We were getting our money’s worth right away as various wild creatures were paraded right past our outstretched legs. A zookeeper took a good amount of time to discuss and show off each animal.

My kids were enthralled by the up-close and personal views of a cheetah, Asian Bearcat, wolf, hedgehog and various birds of prey.

Up next, we left our seats to get even closer to the biggest animal I’ve ever touched — a rhinoceros. The rhino was just about worth the entire price of the Backstage Pass. We fed him with our bare hands, gave him a good rubdown with brushes and then jiggled his skin folds.

Phil Corless's kids brushing a rhino at the San Diego Zoo

You haven’t lived until you’ve jiggled a rhino’s folds. If you’re looking for something to leave your kids awe-struck, this definitely qualifies.

After the rhino, zookeepers led us to an area for photo-ops with a baby zebra and an elderly emu. Again, it was very cool to be able to pet these animals and pose for pictures. How often do you get to put your arm around a zebra?

The 90-minute program ended here, and it seemed rather abrupt. For the price, I felt like I needed a bit more. Putting us all on a bus or trolley for a guided tour of the zoo would’ve been a nice way to end things.

Instead, we were left to tour the zoo ourselves. For the next three or four hours, we wandered through the vastness of the place. By itself, the San Diego Zoo is a marvel. We especially loved the gorillas, polar bears, pandas, and sea lions. There’s plenty to do all throughout the zoo to keep your family busy the entire day.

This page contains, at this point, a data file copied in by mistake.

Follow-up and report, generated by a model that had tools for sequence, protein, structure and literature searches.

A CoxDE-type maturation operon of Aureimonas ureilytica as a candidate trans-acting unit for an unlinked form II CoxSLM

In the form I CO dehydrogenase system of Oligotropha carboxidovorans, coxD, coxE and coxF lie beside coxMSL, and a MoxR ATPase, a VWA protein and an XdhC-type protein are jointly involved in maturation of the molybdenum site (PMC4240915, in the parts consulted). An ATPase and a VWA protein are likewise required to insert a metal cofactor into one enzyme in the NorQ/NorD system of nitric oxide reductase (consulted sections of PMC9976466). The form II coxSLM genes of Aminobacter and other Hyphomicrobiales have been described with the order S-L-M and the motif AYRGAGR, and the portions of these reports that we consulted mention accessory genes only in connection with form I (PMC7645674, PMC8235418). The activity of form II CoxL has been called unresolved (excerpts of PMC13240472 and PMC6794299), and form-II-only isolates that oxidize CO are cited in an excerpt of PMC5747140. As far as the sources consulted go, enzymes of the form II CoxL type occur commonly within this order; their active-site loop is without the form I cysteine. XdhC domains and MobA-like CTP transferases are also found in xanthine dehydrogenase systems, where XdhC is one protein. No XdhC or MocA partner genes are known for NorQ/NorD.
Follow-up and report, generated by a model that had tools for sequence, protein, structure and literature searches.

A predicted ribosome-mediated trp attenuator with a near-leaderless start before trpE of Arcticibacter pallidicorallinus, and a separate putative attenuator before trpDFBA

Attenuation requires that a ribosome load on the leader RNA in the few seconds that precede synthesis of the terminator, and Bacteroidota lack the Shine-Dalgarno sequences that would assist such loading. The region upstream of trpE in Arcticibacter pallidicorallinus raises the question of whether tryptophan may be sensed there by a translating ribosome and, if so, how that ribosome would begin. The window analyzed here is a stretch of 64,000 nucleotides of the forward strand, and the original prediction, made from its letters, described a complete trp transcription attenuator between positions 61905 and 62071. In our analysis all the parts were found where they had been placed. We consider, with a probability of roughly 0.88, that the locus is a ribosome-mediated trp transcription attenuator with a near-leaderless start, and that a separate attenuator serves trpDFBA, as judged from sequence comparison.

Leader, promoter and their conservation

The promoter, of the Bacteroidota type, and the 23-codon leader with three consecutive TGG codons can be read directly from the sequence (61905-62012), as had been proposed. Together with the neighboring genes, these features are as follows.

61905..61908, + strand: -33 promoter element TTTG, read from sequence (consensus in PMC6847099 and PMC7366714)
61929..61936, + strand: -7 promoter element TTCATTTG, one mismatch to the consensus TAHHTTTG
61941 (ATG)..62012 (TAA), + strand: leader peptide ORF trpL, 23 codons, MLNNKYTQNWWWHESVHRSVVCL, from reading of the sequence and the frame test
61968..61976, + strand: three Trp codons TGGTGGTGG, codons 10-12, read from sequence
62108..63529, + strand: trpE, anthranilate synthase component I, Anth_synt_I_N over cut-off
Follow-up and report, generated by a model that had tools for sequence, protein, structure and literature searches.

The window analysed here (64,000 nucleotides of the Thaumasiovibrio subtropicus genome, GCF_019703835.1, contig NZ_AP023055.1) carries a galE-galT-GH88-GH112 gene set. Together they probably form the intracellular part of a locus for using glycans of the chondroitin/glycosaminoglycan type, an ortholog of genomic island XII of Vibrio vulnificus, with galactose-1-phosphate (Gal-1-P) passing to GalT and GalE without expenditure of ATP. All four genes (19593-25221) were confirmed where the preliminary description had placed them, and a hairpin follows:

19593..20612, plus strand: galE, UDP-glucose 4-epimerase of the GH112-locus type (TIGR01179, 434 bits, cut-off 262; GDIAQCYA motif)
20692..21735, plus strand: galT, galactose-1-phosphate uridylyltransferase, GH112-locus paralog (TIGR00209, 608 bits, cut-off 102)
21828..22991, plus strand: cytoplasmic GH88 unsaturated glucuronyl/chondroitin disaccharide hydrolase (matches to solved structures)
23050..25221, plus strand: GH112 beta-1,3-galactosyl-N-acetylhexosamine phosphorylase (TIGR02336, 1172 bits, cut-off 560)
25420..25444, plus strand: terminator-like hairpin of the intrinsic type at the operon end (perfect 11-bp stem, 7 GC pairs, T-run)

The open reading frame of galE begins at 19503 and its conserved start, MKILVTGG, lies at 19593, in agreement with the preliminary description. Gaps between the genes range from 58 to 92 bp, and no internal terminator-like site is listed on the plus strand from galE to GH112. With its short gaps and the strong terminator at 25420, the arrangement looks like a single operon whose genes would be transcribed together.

The Backstage Pass experience just gave us that extra little special memory, helped by a couple of free family photos included with the program. The zoo offers a few other behind-the-scenes tours that are cheaper, but they do not offer the same opportunities to get up close and personal with the animals. And then there is the very exclusive all-day VIP Experience that will set you back $599 per person. That one was out of our price range, so I can only imagine how amazing it might be.

We would recommend spending the extra money on the Backstage Pass if it’s your first time to the zoo, and if your kids are old enough to appreciate it. I know mine will never forget giving that rhino a good scrubbing.

— Phil Corless

Phil Corless is an at-home dad of two living in the Pacific Northwest. Since 2004, he has been writing about fatherhood and family at the Idaho Dad blog. He believes the best way for kids to learn about the world is to travel through it.

A Weekend in Long Island With Kids

July 21st, 2015 by Guest Blogger No comments »

When you think about visiting Long Island, New York, you may automatically envision the Hamptons, or Montauk Point. I certainly did, until I planned a weekend family getaway earlier this month. We didn’t attempt the long drive to the eastern end of the island, especially during the crowded summer season. Instead, we concentrated on the middle of the island, in Suffolk County, but just barely over the Nassau County border. We found plenty to do!